Published: November 17, 2005
It may take years to assess fully the impact of the Supreme Court ruling on Monday on disputes between school districts and the parents of special education students, experts across the country have said. The decision gives parents who disagree with the individualized education plans the burden of proving that the plans are inadequate.
Advocates for disabled children greeted the ruling with dismay. In some states, they acknowledge, it will have virtually no effect. In others, the effects remain to be seen. Some advocates are looking for ways around the ruling, like seeking state or federal laws to shift the burden of proof to school districts.
“This is something where it would be very hard to predict exactly what’s going to happen,” said Arlene Mayerson, directing lawyer of the Disability Rights Education and Defense Fund.” Obviously it’s bad news to parents. But how bad the news is we’ll have to wait and see.”
Ms. Mayerson said she believed that at the very least some parents would be deterred from pursuing complaints against school districts. She added that districts, knowing that parents have to assemble convincing cases, might be less likely to compromise beforehand.
“It’s like one more message to the parents that they’re up against formidable odds,” she said.
Essentially, states fall into three categories on disputes over individualized education plans. One group includes Texas, Virginia and Maryland, where the Supreme Court upheld what has been in practice. The second group includes New Jersey and New York, where the burden of proof shifts to the parents. In the third group, states including Alabama and Connecticut have regulations or statutes that place the burden of proof on school districts.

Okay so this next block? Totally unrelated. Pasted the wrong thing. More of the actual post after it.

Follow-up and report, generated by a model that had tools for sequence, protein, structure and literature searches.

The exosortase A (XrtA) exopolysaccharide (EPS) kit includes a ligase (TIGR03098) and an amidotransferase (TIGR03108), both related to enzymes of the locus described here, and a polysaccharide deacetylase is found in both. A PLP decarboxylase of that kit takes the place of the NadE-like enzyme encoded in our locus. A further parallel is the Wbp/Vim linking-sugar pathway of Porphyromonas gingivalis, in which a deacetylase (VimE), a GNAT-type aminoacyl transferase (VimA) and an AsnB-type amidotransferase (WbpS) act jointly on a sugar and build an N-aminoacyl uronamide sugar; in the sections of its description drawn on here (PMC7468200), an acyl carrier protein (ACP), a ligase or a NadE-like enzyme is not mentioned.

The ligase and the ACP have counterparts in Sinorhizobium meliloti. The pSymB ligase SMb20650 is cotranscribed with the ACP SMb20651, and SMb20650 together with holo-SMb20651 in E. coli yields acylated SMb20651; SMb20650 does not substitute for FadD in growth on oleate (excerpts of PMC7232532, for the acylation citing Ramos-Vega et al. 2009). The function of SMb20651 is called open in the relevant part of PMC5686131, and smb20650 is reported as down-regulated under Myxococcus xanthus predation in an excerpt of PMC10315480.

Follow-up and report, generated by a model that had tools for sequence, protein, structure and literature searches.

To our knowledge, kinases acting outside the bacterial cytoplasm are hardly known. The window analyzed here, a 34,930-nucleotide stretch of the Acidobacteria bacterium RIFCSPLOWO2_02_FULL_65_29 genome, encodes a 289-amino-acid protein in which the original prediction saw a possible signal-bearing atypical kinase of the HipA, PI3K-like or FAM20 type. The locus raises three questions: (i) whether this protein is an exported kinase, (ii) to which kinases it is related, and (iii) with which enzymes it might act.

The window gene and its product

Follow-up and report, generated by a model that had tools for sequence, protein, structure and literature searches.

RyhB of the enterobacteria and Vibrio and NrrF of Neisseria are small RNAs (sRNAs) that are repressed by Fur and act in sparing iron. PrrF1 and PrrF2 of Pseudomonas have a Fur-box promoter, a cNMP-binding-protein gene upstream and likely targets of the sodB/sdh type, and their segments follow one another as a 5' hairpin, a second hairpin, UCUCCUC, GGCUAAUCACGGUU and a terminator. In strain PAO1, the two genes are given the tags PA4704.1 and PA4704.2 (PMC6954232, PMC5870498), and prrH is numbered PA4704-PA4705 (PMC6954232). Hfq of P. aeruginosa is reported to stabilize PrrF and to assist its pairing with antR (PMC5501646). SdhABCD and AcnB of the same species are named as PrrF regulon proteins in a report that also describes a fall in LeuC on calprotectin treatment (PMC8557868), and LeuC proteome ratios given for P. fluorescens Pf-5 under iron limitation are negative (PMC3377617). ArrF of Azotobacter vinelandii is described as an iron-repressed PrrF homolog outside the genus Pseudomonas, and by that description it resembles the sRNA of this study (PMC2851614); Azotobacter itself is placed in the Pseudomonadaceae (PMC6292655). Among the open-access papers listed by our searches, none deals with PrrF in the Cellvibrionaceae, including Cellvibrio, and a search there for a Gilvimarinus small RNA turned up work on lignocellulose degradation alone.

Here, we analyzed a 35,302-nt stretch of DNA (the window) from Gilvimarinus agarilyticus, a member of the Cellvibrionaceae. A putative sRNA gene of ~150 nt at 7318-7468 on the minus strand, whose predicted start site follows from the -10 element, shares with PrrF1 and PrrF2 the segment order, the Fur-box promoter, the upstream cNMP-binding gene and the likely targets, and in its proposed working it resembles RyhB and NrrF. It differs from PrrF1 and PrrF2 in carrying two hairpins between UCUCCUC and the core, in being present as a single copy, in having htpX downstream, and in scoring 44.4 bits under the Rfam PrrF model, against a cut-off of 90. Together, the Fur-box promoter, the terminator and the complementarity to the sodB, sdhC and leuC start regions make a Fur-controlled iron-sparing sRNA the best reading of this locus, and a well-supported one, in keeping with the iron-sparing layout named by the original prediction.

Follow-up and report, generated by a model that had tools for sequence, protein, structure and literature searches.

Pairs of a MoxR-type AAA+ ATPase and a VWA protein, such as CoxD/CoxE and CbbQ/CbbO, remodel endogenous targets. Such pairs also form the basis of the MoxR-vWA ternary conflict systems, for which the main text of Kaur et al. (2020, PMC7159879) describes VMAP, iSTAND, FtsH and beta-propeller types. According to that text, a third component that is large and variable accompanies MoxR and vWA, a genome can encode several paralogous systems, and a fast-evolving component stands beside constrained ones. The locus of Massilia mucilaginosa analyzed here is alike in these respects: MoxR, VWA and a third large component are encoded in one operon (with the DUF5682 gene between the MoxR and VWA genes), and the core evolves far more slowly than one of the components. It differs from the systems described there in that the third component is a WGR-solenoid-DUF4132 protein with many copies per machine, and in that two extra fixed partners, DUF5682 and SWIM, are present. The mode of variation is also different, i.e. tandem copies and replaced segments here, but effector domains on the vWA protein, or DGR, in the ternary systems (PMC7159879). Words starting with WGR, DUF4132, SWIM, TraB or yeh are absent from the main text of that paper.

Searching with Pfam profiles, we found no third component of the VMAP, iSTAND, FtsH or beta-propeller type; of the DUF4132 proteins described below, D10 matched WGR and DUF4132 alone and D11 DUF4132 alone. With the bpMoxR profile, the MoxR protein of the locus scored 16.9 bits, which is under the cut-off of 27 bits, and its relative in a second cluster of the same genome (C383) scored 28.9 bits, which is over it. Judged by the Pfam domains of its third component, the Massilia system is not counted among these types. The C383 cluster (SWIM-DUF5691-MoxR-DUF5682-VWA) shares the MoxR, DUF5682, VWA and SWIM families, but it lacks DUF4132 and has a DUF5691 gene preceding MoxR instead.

Peter W. D. Wright, a lawyer in Virginia who has represented more than 1,000 parents of special education children, cautioned against gloomy predictions. Mr. Wright said that when disputes did proceed to trial “who has the burden of proof in my cases is really a nonissue.”
But, he added, “If the school district had had the burden of proof in the very beginning in Virginia, there is a definite chance I think that more issues would have been resolved by parents and schools, without parents even having to consult with me in the first place.”
In Connecticut, because of a regulation placing the burden of proof on school districts, officials say they expect virtually no changes because of the Supreme Court ruling.
“We think that as of right now, unless the federal government tells us otherwise, we can continue to do as we have done with our system,” Attorney General Richard Blumenthal of Connecticut said. “We believe that our regulation embodies a valid state policy that articulates our belief that school boards are in a better position to muster the facts and expertise in any contest with ordinary parents.”
In New York, Assemblyman Steven Sanders, the Manhattan Democrat who is chairman of the Assembly Education Committee, said he intended to propose such a law. “I definitely think that in light of this court decision any state that is concerned about fairness for parents in this process will have to fill this vacuum and enact some kind of state law or regulation that would restore to parents their rights,” he said.
In New York City, the Education Department praised the Supreme Court decision. But Elisa Hyman, deputy director of Advocates for Children, a group that frequently works on special education cases, said she believed that poor city parents would suffer.
“Many of the parents of kids who get special education services in New York City find the system extremely confusing to navigate,” she said. “They certainly are not going to be able to understand what they need to prove to meet their burden.”
©2005 The New York Times Company